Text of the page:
Not new, of course.
The same coupling was last on EMI 569349-2 and in this form
was issued a decade or so ago. The Mahler has also been conjoined
with Ein Heldenleben on CZS5 69349-2 and with Metamorphosen
on CZS7 67816-2 – a Rouge et Noir release. This preferred
coupling however seems now to be No.6 with Heldenleben.
They are both late
recordings and both highly controversial. The Strauss was
made in 1969 and was a work Barbirolli had been playing for
over thirty years. But it’s cast very much in his “late period”
manner when it comes to tempi. The LSO has to cope with a battery
of slow speeds. It’s not surprising at all that Barbirolli clocks
in at over eleven minutes slower than Strauss himself in his
own performance. But even so this is still, objectively speaking,
a recording for which one needs to feel some sort of emotional
engagement with the conductor’s approach, otherwise it will
seem highly fractured and unsympathetically unenergised. The
opening paragraph for instance stands as if in mid-air with
a constant sense of retardation of rhythm. The deliberation
naturally is itself deliberate and part of Barbirolli’s structural
plan. The LSO’s leader John Georgiadis plays with great imagination
and concentration – he’s on record as having admired Barbirolli
both as conductor and personality - and he sounds generally
unflustered by the demands placed on him.
Questions of tempo
aside there is a great deal to admire in the nature of the phrasing,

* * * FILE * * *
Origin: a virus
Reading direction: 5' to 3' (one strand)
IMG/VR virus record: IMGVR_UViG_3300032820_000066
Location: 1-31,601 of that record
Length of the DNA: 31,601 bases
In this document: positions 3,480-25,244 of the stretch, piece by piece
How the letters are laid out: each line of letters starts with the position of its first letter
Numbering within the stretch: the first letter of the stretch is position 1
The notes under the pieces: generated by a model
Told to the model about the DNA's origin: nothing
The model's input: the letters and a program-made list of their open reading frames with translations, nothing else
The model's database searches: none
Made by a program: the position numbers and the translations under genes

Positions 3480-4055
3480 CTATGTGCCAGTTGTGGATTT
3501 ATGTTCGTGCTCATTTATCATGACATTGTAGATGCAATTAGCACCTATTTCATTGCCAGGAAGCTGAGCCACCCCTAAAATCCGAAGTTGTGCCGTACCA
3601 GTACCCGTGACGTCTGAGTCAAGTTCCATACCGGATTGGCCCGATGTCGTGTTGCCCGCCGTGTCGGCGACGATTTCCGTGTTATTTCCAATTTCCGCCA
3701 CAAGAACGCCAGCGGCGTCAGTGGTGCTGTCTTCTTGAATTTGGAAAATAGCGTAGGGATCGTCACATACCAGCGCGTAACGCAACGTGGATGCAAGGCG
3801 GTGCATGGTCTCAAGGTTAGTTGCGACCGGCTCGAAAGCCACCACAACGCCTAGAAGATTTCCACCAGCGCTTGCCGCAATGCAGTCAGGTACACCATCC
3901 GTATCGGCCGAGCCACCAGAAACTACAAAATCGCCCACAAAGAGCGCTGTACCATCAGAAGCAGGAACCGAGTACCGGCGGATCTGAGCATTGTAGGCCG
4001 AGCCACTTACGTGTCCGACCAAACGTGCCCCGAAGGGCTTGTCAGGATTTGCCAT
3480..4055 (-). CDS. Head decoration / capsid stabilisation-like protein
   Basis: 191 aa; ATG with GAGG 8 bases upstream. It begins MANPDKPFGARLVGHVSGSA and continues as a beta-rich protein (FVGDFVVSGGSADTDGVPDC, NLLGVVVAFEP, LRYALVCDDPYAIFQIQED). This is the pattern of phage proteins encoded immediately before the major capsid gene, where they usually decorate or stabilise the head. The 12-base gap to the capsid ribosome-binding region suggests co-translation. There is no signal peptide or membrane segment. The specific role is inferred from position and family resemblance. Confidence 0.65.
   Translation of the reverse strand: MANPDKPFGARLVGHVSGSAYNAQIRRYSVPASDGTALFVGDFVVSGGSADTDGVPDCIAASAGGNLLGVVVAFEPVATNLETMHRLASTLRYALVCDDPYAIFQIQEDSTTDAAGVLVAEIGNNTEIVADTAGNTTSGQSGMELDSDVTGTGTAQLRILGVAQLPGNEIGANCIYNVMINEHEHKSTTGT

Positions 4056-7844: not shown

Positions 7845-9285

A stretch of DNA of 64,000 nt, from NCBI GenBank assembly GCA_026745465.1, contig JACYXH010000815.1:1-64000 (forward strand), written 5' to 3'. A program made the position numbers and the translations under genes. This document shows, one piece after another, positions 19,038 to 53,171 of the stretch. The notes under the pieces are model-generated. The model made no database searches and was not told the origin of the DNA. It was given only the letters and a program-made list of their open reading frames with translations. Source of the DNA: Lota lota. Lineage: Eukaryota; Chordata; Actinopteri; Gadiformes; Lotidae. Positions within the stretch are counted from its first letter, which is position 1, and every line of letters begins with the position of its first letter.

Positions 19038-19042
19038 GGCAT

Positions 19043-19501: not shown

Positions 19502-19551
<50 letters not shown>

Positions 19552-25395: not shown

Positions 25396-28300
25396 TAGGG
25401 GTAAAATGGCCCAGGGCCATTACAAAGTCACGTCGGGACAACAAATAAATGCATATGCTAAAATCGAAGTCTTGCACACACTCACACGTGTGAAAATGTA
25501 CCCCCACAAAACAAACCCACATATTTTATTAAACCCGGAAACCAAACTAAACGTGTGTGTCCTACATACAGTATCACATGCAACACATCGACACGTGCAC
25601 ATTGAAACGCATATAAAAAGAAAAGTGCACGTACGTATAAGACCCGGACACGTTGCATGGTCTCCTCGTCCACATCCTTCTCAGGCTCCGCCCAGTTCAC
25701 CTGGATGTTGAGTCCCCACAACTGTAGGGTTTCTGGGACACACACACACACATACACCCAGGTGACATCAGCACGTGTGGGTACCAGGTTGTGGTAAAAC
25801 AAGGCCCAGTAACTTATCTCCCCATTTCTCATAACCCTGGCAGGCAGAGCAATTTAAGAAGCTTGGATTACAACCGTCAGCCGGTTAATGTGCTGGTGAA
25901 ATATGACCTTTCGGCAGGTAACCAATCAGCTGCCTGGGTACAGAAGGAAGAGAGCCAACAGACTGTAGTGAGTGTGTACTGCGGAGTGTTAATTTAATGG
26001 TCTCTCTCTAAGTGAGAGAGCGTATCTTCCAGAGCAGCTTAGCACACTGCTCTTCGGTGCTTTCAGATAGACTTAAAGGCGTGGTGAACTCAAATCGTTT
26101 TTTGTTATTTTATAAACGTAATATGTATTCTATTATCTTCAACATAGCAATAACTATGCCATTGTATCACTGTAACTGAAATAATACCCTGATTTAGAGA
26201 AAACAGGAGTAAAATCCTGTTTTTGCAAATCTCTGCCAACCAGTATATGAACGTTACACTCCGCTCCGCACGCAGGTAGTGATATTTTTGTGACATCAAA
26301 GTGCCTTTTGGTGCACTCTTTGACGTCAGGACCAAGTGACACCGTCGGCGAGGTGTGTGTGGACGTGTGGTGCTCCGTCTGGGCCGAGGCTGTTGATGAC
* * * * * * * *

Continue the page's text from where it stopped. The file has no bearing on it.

both preparation and execution, and the strong orchestral response.
Climaxes are powerful and the brass sounds especially commanding.
The harp rings out. In terms of emotional response this might
best be characterised as a reading of grandeur, nobility but
a certain weary acceptance.
Its companion, Mahler
6, on this two disc set sports that famous and witheringly
slow first movement. It shares with Heldenleben the feeling
that these are utterly inimitable readings and ones so almost
defiantly personalised that they belong in a sub-category of
their own. Barbirolli’s take on the first movement remains sui
generis and at times almost bafflingly unidiomatic in its
rejection of Mahlerian markings and forward momentum. What is
sometimes glossed in analysis of this performance is that the
very steady tempo Barbirolli asserts in the opening is largely
reinforced in the slow movement too, though to a lesser extent.
The point is architectural-emotive, I suppose, and however much
one may reject Barbirolli’s sense of the symphony, his remains
a performance of great consistency, overwhelming candour and
indelibly pessimistic direction. Technical frailties do intrude
from time to time, especially in the finale, but they are minor;
the New Philharmonia generally acquits itself with distinction
helped by the sympathetically warm recording.